embarrassing ourselves
                        at Kelly’s house
                                    to the K-pop version
                                                Just Dance.


With so many diverse literary voices in L.A. what writing communities do you feel most comfortable in there?

I found it incredibly easy to become engaged with the L.A. poetry community in general because of the simple fact that I could attend open mics and connect with local poets. It was easier. Plus, I was already a person who supported writers of color with the literature I read. Since Luis J. Rodriguez is such an important L.A. literary figure, I wanted to support his bookstore and cultural center, Tia Chucha’s, and I found out they hosted an open mic every other Friday. After I began writing poetry that was the first open mic I read at.

Plus, when I was attending Fresno State I needed to read more writing about L.A. to expand my knowledge of how to write about the city. In doing so, I stumbled across L.A. author Mike ‘The Poet’ Sonksen’s KCET.org column about the L.A. literary community, with a focus on the poetry scene, where he discussed its history, its writers past and present, different open mics, etc., diving into the diverse sections of the community. He was my first introduction to any part of the L.A. literary community.

Outside of writing poetry, what work are you doing to earn a living?

Occasionally I run my workshop “Los Angeles: Your City,” at various venues around L.A. This workshop gets students to explore who and what L.A. is through its history, literature, and photos and films that depict L.A. Then students write their own L.A. stories.

Otherwise, I’m between jobs at the moment.

What kind of job would you like to have?

Ultimately I would love to teach creative writing and English at a community college, then go from there. For two years I worked at the Graduate Writing Institute for Excellence at Cal State Dominguez Hills as a writing coordinator, where I tutored grad students in academic writing, created and ran writing workshops on different elements of the academic writing process for students, and helped create their tutor training program.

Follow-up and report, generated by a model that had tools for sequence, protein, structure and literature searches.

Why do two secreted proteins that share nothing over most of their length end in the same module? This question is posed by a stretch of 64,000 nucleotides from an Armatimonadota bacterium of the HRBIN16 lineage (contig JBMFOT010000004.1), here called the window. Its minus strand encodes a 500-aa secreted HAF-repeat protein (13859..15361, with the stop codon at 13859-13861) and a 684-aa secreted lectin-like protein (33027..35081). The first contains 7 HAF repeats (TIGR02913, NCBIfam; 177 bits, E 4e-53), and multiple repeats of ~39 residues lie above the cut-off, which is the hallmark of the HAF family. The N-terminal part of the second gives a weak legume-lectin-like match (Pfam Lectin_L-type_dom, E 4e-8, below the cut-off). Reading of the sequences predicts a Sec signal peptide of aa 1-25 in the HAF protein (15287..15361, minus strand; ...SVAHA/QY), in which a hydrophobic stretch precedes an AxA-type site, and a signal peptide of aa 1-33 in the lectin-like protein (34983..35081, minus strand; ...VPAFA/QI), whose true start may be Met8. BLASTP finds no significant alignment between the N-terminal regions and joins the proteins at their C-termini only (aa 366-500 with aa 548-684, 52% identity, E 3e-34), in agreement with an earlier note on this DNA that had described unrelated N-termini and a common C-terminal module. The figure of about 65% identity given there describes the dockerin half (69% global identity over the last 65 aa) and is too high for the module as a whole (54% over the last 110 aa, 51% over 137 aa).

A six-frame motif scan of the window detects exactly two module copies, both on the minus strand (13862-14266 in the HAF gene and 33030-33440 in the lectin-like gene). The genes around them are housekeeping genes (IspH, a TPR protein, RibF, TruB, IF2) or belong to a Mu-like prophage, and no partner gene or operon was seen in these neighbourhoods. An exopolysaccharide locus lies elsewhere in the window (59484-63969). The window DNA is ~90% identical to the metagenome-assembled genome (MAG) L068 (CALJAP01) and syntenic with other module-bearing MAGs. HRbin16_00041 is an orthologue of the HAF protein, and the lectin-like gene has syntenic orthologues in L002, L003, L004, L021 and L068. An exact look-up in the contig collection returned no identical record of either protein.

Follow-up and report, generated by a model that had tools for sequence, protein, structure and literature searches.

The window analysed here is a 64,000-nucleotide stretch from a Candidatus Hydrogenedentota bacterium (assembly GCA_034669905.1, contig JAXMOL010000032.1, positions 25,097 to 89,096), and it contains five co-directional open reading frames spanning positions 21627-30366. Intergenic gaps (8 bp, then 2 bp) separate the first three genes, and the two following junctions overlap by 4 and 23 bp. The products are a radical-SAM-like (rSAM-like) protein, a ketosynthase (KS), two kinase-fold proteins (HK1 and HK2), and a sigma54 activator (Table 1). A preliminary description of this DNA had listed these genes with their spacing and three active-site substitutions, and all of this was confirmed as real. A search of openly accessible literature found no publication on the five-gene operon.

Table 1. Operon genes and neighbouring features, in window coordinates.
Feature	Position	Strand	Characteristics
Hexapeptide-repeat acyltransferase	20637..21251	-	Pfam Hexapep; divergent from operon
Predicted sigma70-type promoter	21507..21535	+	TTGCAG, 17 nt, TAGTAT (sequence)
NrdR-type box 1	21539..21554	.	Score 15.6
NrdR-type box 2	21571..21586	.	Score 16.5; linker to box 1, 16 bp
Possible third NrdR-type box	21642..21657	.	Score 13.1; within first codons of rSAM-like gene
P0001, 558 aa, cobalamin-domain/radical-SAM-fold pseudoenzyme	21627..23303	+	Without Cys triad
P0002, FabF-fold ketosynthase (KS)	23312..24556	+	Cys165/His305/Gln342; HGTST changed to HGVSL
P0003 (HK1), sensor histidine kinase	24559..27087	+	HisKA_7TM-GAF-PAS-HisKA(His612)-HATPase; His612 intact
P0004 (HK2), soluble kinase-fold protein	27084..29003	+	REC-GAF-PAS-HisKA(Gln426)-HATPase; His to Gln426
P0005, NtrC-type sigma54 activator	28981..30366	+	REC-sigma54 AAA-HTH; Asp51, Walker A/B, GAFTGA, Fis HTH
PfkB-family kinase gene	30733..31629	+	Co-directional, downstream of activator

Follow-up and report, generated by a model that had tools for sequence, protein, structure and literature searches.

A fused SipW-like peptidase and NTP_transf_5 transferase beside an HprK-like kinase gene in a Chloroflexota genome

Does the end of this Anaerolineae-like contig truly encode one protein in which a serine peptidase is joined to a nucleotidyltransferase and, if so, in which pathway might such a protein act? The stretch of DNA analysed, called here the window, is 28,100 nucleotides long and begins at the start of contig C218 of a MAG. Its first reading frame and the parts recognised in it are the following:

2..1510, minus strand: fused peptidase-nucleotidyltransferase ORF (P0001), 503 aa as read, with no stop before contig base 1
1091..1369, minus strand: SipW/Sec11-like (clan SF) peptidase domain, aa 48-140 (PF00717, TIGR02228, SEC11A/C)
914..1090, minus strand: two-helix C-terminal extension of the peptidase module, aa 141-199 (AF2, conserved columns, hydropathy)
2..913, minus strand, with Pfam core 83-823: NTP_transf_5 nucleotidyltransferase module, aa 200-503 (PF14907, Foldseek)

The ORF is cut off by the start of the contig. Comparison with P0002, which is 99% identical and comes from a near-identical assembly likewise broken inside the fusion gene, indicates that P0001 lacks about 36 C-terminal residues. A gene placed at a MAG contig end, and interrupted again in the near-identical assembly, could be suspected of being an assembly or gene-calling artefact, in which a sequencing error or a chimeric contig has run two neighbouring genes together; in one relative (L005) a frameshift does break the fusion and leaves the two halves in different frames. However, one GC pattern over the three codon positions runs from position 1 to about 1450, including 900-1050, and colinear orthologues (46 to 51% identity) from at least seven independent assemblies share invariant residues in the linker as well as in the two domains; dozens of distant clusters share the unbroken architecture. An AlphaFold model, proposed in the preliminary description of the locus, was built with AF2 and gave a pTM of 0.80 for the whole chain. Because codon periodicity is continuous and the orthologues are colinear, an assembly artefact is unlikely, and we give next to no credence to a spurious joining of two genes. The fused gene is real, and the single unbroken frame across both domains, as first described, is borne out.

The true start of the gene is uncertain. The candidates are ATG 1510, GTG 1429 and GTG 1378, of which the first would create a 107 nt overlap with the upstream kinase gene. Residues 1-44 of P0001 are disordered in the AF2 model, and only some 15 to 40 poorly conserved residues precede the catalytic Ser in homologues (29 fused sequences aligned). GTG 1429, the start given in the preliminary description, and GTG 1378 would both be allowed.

So, I am passionate about education as it pertains to literature and writing. That is why I’ll continue to run my workshop “Los Angeles: Your City” and my related one on how to write the literature of place in general called “Your Place,” from time to time.

What about your MFA experience at Fresno State has stuck with you?

What has stuck with me about my MFA experience at Fresno State is that my two fiction professors, Alex Espinoza and Randa Jarrar, are writers of color, which is rare in the MFA world, as the vast majority of professors are white. Just that gift, of being exposed to the literary world and writing through the perspectives of writers of color, as well as the diversity of writers and literature I was exposed to, that I otherwise might not have known about or explored.

[Alex now directs the MFA creative writing program at Cal State L.A.]

Plus, Alex’s Other Writers class. It was a survey class on various literatures of color: Chicano, Asian American, Hawaiian, African American, Native American, etc. I already liked literature written by writers of color because their perspectives, and their themes and ideas are about the important subjects and stories we as a society never talk about or talk about openly and honestly—racism, African American history, Chicano history, etc.—but desperately need to do. In Alex’s class we explored the use of tropes, cultural markers, the danger of the Single Story, language, etc., enabling me to understand these stories and their importance much better. Because of that, the class helped shape what I write about and how I write about it. This experience helped shape me and my writing, and were influences on my work, that enabled me to write about the subjects, stories and issues (how people are attached to a place, etc.) found in all my writing.

I also can’t forget my peers in the program. Those who pushed me to be a better writer and allowed me to push them, and our entire time together, especially my friend Feroz Rather. I had so many good conversations with him about life and writing.

What’s your next writing project?

I told myself I’d return to my thesis/novel once I finished my chapbook. Instead, I’ve worked on poems, book reviews, a couple of essays I’m attempting to publish, and finished a short story set in South Central L.A. I’ve grown passionate about ideas that work better in the various short forms. And yet, I still plan to return to Amongst Waves.